I think in general there’s always (that is, at any time in history) a huge degree in quality in the music being produced. The listener always has to find ways to wade through it. I haven’t noticed a problem with the idea of experimentation in music (if that’s what you mean), but you listen to a lot more new music than I do. Again, as a general point, I like that the 60’s brought a tremendous amount of experimentation in music. I think it was a very good thing; there’s no reason a lot of those experiments can’t be picked up on today as a spur to creativity. However, like you I don’t have much taste for artists who are in love with strangeness for its own sake – in the cases where it’s obvious, that is; other times the strangeness of the piece might say more about me as a listener. In the genre known as “free” music this is an issue. There’s no kind of bad music worse than bad free music (although bad Baroque music is just as bad).

    1. Susan Scheid Post author

      Mark: On the subject of Britten, perhaps at some point you’ll say more of why. I’d love to have your insights, and I’m certainly enthralled with his work. He and Shostakovich have become 20th C touchstones for me in so many ways, and I’m only at the beginning, so it seems to me, of my explorations of each. The rest of what I wrote to you became so long that I’ve ended up adding a postscript to the post, also because it weaves in my thoughts, always in formation, enriched by what each person has written here and elsewhere.

      1. Mark Kerstetter

        I wonder if Britten was somewhat out of sync with his time, if his attitude toward the avant-garde in the 60’s made him seem conservative or old-guard. But then the integrity and quality of his music prevailing, recent decades have brought his star out and that light outshines the question of experimentation. There are times when finding a new language is of utmost importance and times when the search for novel forms is secondary. Experimentation was important in the 60’s, but I believe we are living in a time now when content, communication and clarity (even beauty) are far more important than formal novelty.

        These are general thoughts. I’ve just scratched the surface of Britten’s music, and have not studied him at all – nor would I write about him unless I did study, or at least until I’ve spent a lot more time listening.

        1. Susan Scheid Post author

          Mark: A propos to your comment, which I think is right on target, John Metcalf related this story of meeting Benjamin Britten “at his sixtieth birthday party, and he said to me, ‘oh, nobody ever plays my music.’ . . . At that time, Britten and Shostakovich were definitely considered to be old hat. And of course, it was completely wrong.”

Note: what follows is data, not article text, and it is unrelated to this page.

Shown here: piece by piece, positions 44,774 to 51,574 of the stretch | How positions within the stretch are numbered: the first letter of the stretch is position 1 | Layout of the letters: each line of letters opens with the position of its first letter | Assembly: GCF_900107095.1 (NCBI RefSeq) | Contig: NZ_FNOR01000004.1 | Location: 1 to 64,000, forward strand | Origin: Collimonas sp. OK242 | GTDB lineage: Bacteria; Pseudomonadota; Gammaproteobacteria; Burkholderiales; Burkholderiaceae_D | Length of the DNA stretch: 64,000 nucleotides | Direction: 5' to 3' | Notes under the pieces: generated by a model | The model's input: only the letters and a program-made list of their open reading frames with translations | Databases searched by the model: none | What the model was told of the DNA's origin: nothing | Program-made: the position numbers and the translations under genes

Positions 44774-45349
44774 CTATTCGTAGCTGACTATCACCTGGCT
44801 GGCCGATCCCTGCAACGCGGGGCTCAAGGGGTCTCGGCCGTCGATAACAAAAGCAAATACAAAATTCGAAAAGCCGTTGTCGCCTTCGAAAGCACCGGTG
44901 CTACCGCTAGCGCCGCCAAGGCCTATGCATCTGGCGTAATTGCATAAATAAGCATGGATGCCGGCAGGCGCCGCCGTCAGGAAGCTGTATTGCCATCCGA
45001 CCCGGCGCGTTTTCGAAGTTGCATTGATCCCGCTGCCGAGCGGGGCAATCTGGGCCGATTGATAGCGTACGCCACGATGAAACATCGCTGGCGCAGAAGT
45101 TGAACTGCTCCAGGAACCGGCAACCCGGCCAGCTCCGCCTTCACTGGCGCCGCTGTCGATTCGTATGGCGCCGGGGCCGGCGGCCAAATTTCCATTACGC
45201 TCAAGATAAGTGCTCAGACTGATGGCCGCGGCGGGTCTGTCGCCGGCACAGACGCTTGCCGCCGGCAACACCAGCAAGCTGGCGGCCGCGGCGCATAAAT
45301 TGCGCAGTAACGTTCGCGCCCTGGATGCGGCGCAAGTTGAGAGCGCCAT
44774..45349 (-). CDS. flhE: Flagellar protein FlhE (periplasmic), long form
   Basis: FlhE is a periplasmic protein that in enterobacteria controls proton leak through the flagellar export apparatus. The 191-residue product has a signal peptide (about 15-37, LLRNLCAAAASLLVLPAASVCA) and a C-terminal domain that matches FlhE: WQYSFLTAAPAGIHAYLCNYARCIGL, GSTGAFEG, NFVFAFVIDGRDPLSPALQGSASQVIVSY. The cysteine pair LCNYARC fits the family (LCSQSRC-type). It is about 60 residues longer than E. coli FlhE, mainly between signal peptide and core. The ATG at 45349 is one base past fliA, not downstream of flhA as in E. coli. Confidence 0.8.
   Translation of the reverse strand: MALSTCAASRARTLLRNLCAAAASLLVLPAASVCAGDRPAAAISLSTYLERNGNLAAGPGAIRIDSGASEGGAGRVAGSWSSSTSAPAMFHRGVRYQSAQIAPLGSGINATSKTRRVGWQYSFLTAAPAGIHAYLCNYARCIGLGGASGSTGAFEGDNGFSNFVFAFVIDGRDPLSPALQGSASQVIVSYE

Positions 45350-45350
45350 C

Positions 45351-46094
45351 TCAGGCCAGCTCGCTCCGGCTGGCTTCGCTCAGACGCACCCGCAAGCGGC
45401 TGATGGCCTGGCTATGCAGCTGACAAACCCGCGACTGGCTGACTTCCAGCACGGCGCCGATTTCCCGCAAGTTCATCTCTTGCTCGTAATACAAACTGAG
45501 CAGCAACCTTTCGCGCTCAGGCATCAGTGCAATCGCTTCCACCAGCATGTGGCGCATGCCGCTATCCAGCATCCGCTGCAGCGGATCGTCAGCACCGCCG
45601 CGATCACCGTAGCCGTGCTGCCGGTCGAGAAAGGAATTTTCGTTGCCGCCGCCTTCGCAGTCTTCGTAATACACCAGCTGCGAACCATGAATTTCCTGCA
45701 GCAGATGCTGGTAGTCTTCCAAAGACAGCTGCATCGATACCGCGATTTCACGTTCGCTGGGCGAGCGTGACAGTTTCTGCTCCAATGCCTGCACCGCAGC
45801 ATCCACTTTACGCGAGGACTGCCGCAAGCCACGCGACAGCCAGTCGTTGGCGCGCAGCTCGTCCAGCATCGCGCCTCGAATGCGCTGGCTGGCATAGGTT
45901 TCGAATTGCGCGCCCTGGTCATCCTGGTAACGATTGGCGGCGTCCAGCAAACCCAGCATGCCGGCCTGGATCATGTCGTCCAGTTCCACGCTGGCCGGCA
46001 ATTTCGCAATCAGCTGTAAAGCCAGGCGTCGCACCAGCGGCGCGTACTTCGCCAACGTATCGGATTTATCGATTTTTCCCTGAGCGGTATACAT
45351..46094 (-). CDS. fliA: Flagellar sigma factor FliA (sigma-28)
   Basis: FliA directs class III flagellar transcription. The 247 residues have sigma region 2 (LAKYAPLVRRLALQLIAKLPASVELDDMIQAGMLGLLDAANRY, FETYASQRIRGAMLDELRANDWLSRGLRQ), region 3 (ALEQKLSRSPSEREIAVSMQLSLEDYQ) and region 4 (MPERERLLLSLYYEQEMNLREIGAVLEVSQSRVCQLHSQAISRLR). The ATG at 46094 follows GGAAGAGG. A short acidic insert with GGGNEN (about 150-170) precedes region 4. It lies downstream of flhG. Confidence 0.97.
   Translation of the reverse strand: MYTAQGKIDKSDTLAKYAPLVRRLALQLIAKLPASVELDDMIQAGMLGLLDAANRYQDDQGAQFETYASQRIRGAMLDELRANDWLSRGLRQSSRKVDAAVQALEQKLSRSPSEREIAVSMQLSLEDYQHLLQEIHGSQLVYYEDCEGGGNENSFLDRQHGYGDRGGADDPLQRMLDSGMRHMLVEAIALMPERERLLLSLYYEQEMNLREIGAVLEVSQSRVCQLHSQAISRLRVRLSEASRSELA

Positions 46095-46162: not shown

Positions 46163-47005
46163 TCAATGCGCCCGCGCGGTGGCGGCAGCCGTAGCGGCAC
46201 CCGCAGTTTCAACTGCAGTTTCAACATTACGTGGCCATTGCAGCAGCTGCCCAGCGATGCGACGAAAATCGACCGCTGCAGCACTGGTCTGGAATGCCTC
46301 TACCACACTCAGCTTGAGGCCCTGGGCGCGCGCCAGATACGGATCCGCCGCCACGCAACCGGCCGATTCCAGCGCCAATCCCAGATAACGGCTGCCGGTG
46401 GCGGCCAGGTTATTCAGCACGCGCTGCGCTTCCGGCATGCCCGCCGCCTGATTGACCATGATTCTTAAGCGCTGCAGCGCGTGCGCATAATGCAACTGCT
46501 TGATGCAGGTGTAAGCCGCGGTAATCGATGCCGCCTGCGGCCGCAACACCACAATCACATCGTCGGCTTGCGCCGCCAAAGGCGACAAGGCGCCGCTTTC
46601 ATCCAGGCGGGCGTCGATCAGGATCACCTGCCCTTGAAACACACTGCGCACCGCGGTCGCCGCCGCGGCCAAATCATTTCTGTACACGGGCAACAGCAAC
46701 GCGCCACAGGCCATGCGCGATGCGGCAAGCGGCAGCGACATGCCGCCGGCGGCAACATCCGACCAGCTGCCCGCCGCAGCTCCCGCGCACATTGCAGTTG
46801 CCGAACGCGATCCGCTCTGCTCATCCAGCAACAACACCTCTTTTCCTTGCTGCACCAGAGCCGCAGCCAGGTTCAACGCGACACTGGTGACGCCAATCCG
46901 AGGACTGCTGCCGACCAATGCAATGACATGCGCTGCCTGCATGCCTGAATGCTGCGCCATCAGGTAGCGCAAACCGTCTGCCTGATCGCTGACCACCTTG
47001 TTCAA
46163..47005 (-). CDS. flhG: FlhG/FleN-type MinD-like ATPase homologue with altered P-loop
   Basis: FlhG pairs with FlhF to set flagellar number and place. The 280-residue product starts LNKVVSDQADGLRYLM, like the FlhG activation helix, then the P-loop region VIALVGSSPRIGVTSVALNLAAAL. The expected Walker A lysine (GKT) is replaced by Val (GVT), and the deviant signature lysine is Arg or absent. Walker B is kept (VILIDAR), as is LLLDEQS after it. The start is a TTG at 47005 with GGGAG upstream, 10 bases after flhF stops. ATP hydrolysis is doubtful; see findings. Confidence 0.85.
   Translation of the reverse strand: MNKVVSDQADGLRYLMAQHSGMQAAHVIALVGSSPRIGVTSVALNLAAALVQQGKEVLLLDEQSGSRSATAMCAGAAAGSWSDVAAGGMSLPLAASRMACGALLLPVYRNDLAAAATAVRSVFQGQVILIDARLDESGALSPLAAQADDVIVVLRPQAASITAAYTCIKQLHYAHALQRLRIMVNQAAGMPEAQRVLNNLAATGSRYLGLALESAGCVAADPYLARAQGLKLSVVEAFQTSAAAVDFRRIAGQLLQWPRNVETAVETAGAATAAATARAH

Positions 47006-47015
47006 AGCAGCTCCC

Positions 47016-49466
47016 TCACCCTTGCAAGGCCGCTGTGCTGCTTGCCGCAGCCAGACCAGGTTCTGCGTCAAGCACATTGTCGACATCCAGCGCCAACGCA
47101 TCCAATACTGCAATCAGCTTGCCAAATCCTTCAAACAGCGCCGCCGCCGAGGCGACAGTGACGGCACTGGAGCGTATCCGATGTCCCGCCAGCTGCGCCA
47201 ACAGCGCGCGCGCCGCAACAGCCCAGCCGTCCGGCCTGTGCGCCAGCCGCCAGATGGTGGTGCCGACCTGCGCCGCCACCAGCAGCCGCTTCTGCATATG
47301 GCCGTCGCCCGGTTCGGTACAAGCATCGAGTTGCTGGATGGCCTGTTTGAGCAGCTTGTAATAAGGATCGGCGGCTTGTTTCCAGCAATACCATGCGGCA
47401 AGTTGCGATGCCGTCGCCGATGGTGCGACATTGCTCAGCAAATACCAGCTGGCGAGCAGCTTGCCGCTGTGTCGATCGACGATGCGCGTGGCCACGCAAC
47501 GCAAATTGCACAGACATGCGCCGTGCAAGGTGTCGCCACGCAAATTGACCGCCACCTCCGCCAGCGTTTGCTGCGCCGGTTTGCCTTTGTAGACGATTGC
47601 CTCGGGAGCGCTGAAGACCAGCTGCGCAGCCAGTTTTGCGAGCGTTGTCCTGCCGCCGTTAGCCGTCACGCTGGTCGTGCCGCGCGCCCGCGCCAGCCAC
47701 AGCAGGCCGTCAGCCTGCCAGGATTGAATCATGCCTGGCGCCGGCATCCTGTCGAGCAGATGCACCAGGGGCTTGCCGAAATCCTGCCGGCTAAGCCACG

There was a period, it seemed, where one strand of music, which I’ve loosely called high modernism, seemed to have a stranglehold on conservatories, or at least some of them. Composer after composer not in sympathy with that strand of music, John Metcalf, Steve Reich, John Adams, and oh so many others, have related how difficult it was to develop their own voices, and how necessary it was to find a way to break free.

          Your observation that “there are times when finding a new language is of utmost importance and times when the search for novel forms is secondary” is telling–and certainly, minimalism stands as a moment when finding a new language was critical. Metcalf also made an observation, a propos to that point, which I continue to find particularly resonant: “There’s a confusion in music, to my way of thinking, that stylistic experimentation equals originality.” I think he’s right about that, which is not to say by any means that stylistic experimentation shouldn’t go on–it’s unquestionably a valuable means toward the end of creating great music.

  7. wanderer

    Off to a flying start Sue. Brilliant. That link to Britten 2013 is especially valuable. And all up, enough here for about twelve months I’d say.

    Happy New Year to all.

    1. Susan Scheid Post author

      wanderer: How nice to “see” you here, as always. Your comment on the Britten 2013 link is right on point. That’s the thing, isn’t it: “enough here for about twelve months” . . . or maybe twelve lifetimes. To a great year of music in 2014!

  8. Curt Barnes

    Enjoyed all your comments on Britten et al (as I knew I would). Would only add what my experience of my own art form has taught me: even when you extol communicative content over form, you may be limiting yourself. (“The point of making music is to communicate something.”) Sometimes the discovery of new forms precedes ways to make them work for comprehensible communication, but that doesn’t mean they should be discouraged or dismissed (or mocked). Also, and maybe more significantly, do your values include the extroverted approach to music that mainly presents you with new, marvelous sound combinations? That say in effect, “Listen to this incredible new combination of sounds!” a variation on “the world is a perceptual banquet if we listen with the ears of children” or some such. Such a presentation, in fact, does communicate something important, I would submit, and if that is included in Britten’s “communicating something,” I stand corrected. It goes without saying that any collection of “novel” sounds needs to be ordered, structured in some way to be taken in. But in short I think “look what I found” shouldn’t be discarded from the list of possible motivations from presenting new music, or art of any kind.
    Wonderful blog! and thanks again.

    1. Susan Scheid Post author